Researchers believe they have identified a compound that not only slows the progression of osteoarthritis, but may even protect against it. Osteoarthritis affects millions of adults in the United States alone. Its symptoms range from mild stiffness in the morning to complete lack of mobility. It is a progressive disease that tends to worsen over time.
Sulforaphane is a phytochemical found in many cruciferous vegetables. It is found in the highest concentrations in broccoli. This compound already gets high marks for being anti-inflammatory and fighting cancer. Now, a research study led by scientists at the University of East Anglia has shown that mice that were fed sulforaphane had less damage to cartilage than mice that had not ingested sulforaphane. Sulforaphane was also tested on human cells with a similar result. This finding leads researchers to theorize that sulforaphane confers protection to joints by blocking the chemicals responsible for degrading cartilage.
For people suffering from the pain and debilitation of osteoarthritis, this could be a simple dietary addition that will protect them from further cartilage damage. For those people who do not yet have osteoarthritis, sulforaphane could ensure they never get it. This is good news for all of us since, as The Arthritis Foundation points out: “Despite the prevalence of the disease, the causes of osteoarthritis are not completely understood. There is no cure.”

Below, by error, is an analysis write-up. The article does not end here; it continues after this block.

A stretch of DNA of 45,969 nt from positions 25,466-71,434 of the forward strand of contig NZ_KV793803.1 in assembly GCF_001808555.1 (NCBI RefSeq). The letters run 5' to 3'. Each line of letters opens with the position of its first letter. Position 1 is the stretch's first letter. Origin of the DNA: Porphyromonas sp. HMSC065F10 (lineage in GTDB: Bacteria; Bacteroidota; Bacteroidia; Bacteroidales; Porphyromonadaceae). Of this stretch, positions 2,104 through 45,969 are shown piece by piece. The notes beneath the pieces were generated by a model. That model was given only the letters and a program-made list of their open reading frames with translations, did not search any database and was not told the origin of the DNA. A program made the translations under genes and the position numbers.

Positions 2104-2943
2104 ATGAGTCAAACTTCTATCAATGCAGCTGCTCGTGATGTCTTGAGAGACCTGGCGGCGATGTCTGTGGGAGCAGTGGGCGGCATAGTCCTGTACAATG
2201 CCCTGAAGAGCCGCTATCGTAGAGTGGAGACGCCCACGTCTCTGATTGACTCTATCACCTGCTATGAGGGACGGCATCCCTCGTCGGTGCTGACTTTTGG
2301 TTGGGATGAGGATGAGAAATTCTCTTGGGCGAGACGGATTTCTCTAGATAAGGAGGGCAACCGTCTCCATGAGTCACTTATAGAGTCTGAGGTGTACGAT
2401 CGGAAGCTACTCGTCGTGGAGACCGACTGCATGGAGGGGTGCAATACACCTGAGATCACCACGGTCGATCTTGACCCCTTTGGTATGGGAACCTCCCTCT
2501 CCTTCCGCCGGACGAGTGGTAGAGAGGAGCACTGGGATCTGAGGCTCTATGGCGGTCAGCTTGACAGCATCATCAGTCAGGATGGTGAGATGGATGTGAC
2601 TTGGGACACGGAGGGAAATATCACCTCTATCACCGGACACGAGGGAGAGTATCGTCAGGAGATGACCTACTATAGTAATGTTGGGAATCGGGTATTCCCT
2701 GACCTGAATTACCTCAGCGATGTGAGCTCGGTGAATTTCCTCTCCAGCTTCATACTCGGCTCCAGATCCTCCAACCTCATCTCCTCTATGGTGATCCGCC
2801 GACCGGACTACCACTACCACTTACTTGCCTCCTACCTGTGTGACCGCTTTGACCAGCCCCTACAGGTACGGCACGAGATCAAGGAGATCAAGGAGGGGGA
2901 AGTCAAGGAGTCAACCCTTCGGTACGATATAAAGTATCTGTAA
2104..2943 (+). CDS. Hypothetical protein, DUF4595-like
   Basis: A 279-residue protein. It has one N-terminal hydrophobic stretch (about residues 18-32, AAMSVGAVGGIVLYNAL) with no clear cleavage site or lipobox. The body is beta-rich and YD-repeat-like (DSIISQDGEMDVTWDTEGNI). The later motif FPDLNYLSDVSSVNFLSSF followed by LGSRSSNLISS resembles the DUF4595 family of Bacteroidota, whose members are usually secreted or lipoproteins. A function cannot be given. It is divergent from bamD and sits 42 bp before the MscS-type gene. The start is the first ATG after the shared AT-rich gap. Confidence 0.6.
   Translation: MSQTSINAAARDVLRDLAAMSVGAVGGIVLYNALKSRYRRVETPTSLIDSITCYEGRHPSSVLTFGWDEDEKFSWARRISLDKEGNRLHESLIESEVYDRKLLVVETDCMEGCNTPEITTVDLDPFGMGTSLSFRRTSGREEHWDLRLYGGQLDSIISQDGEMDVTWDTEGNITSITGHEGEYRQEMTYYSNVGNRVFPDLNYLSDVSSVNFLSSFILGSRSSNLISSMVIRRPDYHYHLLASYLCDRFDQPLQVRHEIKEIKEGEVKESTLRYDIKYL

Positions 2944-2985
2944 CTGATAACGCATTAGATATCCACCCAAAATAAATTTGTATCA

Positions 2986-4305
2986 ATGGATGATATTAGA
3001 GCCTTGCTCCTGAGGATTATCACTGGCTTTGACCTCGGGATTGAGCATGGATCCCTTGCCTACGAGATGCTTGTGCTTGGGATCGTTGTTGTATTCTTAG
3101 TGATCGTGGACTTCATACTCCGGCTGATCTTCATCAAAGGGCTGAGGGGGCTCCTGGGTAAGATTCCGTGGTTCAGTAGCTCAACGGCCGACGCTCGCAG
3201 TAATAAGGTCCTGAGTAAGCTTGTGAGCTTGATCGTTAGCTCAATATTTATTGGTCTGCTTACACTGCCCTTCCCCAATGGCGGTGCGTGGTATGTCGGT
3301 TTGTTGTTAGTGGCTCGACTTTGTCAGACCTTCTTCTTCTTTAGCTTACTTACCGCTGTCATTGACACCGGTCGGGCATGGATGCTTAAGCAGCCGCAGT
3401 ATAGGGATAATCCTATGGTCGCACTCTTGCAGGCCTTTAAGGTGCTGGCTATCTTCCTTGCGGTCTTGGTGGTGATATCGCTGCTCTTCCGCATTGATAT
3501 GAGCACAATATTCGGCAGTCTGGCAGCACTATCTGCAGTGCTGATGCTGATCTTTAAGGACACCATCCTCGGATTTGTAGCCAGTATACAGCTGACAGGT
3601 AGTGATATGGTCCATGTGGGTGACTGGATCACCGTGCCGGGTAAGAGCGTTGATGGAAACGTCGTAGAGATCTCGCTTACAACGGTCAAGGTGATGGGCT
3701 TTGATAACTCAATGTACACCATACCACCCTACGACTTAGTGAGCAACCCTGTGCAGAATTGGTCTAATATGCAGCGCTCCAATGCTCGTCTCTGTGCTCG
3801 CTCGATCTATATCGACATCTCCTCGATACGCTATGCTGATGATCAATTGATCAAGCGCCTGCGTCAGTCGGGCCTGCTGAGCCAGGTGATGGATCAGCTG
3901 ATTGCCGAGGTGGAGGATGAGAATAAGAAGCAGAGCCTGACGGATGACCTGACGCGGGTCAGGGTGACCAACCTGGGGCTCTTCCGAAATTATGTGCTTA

How best to take advantage of the protective quality of sulforaphane? Cooking broccoli in large amounts of water decreases the amount of the compound available for absorption by the body. Broccoli eaten raw is best, but if raw is not appealing, use as little water as possible in the cooking process. For example, steaming would be preferable to boiling.
Want to supercharge your aching joints with sulforaphane? Try broccoli sprouts. Broccoli sprouts have a much higher concentration of sulforaphane. Sprouts can be sprinkled on a salad or added to a stir fry or a green smoothie. Sprouts are the perfect choice for individuals who are not fans of the taste of broccoli. A small amount of broccoli sprouts can deliver big sulforaphane benefits.
George Bush, Sr. once said he didn’t like broccoli, but perhaps that was because he didn’t know that sulforaphane is anti-inflammatory, anti-cancer and now, anti-osteoarthritis.
Rose K Davidson, Orla Jupp, Rachel de Ferrars, Colin D Kay, Kirsty L Culley, Rosemary Norton, Clare Driscoll, Tonia L Vincent, Simon T Donell, Yongping Bao, Ian M Clark. “Sulforaphane represses matrix-degrading proteases and protects cartilage from destruction in vitro and in vivo.” Arthritis & Rheumatism, 2013, Web 30 Sept. 2013.
University of East Anglia. “Broccoli could be key in the fight against osteoarthritis.” Science Daily, 27 Aug. 2013. Web 30 Sept. 2013.
“Who Gets Osteoarthritis?”The Arthritis Foundation, n.d. Web. 30 Sept. 2013.